We the people, have an obligation to preserve, protect, and defend the United States Constitution, not our politicians. It is up to us, the American voters, to use our vote as a voice to be heard in Washington. I believe that Mark Twain said it best when he wrote, "Politicians are like diapers, they need to be changed frequently and for the same reason.". Just like a baby needs a fresh diaper, many believe that we need a fresh Congress because they are full of it.
The amount of money politicians will spend to retain their position of power will likely reach all time levels again this year. The idea being the candidate who spends the most money will win. They will spend millions on negative advertisements against their opponents, because they don't seem to have anything good to say about their own accomplishments. Many believe that we need to send the message to Congress that they can not buy our vote.
United States voter turnout for general elections has been on average between 50 and 60 percent. The 2010 general elections had voter turnout of about 40 percent. And in the Minnesota 2010 primary elections only 15.5 percent of Minnesota's eligible voters even bothered to show up to cast their vote. That number is worth repeating. 15.5% of eligible voters actually voted, less than 2 out of 10! If you think that this is as good as it gets, and you are satisfied with your current standing in life, then by all means don't vote. If however, you are of the belief that our country is headed in the wrong direction and we are capable of so much more, then vote for change. And, if you don't believe that any of the candidates will make positive and lasting changes, then you have the opportunity to get involved and become active in politics.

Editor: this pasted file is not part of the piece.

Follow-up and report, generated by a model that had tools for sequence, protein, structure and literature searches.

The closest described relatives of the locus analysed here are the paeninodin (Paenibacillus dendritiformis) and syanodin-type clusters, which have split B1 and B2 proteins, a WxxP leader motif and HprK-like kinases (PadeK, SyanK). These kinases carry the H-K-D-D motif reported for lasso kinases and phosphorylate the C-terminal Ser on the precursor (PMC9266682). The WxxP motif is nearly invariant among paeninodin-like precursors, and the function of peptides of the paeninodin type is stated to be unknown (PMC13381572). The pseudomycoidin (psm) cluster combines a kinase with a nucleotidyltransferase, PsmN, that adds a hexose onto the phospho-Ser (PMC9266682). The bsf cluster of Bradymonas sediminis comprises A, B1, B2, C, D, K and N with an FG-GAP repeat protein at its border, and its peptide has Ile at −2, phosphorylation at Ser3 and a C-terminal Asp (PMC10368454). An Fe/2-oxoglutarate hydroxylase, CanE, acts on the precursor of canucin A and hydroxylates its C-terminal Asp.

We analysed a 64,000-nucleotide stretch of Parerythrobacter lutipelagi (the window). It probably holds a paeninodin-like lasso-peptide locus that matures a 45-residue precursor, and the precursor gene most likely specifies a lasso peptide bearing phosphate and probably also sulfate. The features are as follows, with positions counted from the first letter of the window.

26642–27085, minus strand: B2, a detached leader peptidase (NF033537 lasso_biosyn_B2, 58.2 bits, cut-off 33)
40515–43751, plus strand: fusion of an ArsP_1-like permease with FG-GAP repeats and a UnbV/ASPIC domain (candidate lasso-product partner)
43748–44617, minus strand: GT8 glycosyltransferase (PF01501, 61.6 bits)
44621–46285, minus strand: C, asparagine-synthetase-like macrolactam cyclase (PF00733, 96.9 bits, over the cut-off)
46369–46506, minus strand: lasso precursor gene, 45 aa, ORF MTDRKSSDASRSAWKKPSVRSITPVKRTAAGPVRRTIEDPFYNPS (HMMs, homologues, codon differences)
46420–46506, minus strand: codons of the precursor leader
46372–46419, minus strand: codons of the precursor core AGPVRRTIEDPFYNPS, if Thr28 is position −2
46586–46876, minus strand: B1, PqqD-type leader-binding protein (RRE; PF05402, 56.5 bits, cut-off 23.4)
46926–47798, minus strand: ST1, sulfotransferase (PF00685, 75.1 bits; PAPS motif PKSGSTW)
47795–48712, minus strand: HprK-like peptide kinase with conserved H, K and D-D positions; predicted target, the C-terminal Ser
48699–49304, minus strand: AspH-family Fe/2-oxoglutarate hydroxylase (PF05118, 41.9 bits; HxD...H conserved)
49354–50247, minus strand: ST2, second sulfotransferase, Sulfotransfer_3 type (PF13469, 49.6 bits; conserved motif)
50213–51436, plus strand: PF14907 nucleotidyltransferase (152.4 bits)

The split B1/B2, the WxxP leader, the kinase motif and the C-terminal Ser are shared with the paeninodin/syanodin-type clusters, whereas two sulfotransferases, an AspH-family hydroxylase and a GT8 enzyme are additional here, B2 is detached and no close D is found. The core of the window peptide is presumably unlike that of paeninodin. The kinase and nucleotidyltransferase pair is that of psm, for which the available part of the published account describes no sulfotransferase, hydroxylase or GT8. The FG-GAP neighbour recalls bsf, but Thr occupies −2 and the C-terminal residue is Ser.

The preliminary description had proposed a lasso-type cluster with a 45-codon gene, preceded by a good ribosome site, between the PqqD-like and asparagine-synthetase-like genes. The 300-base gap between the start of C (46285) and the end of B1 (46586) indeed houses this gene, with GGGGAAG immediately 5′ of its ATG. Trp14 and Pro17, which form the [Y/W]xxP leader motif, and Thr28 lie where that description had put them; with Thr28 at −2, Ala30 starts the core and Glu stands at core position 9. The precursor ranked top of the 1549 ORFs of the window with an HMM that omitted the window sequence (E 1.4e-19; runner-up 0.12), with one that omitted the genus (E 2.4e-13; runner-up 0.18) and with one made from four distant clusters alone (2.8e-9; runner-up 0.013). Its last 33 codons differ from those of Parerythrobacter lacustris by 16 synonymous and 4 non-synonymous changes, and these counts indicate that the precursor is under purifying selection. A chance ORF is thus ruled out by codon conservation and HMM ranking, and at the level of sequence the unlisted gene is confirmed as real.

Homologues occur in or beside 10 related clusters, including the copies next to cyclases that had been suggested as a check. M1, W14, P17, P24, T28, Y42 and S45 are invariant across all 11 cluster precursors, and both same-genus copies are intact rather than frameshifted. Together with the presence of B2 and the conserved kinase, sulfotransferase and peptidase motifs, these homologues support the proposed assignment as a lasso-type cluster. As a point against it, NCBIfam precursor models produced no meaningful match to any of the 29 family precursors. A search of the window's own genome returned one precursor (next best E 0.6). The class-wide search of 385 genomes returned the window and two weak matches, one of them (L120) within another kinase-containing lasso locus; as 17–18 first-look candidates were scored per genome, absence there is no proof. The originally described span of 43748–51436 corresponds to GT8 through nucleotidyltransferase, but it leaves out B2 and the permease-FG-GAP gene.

Many Americans believe that we need to clean house with respect to Congress. I believe the biggest problem we face is the relationship between Washington and Wall Street, essentially money in politics. Financial deregulation was first facilitated by political contributions by the biggest firms on Wall Street. Once Glass-Steagall was repealed, acting as a wall between traditional depository banks and investment institutions for decades, it was off to the races. Add statements such as those by then well respected prominent figures like Alan Greenspan who said, "regulation of derivative transactions that are privately negotiated by professionals is unnecessary", and many people believed that these banks knew what they were doing. Of course, it is now clear to most that traditional banks should not engage in unregulated, over-the-counter derivatives markets because of the risks placed on the American taxpayers.
If these banks want to act like hedge funds, then they should become hedge funds. Congress allows this to continue, accepting millions of dollars in campaign contributions from the financial sector. The people that run these mega-banks are paid based on return on equity unadjusted for risk. They can engage in excessive risk because they know that if the bet goes wrong the taxpayer will bail them out, and if it is a winning bet they make billions. They know that they are too big to fail. The biggest banks in the U.S. are even bigger than they were in 2007.
Meanwhile, millions of Americans have had their homes taken away, and millions more are delinquent on their mortgage payments or in the foreclosure process. Since 2007, the median wealth of the American family has dropped 40 percent. Interest rates are at historic lows and millions could save thousands of dollars every year if their bank would work with them to help them get a lower interest rate, or get a low rate loan for a new home. But, why would banks refinance a loan at under 4 percent when the American homeowner, trying to do the right thing, feeling obligated to fulfill the terms of their loan agreement, continues to pay a much higher rate of interest? Most of the money that would be saved in monthly mortgage payments would likely go straight back into the economy helping many local businesses. President Obama had a perfect opportunity to make fundamental and lasting changes to our banking system in March of 2009, but lacked the political will to do so. These banks simply should not be allowed to gamble with taxpayer money.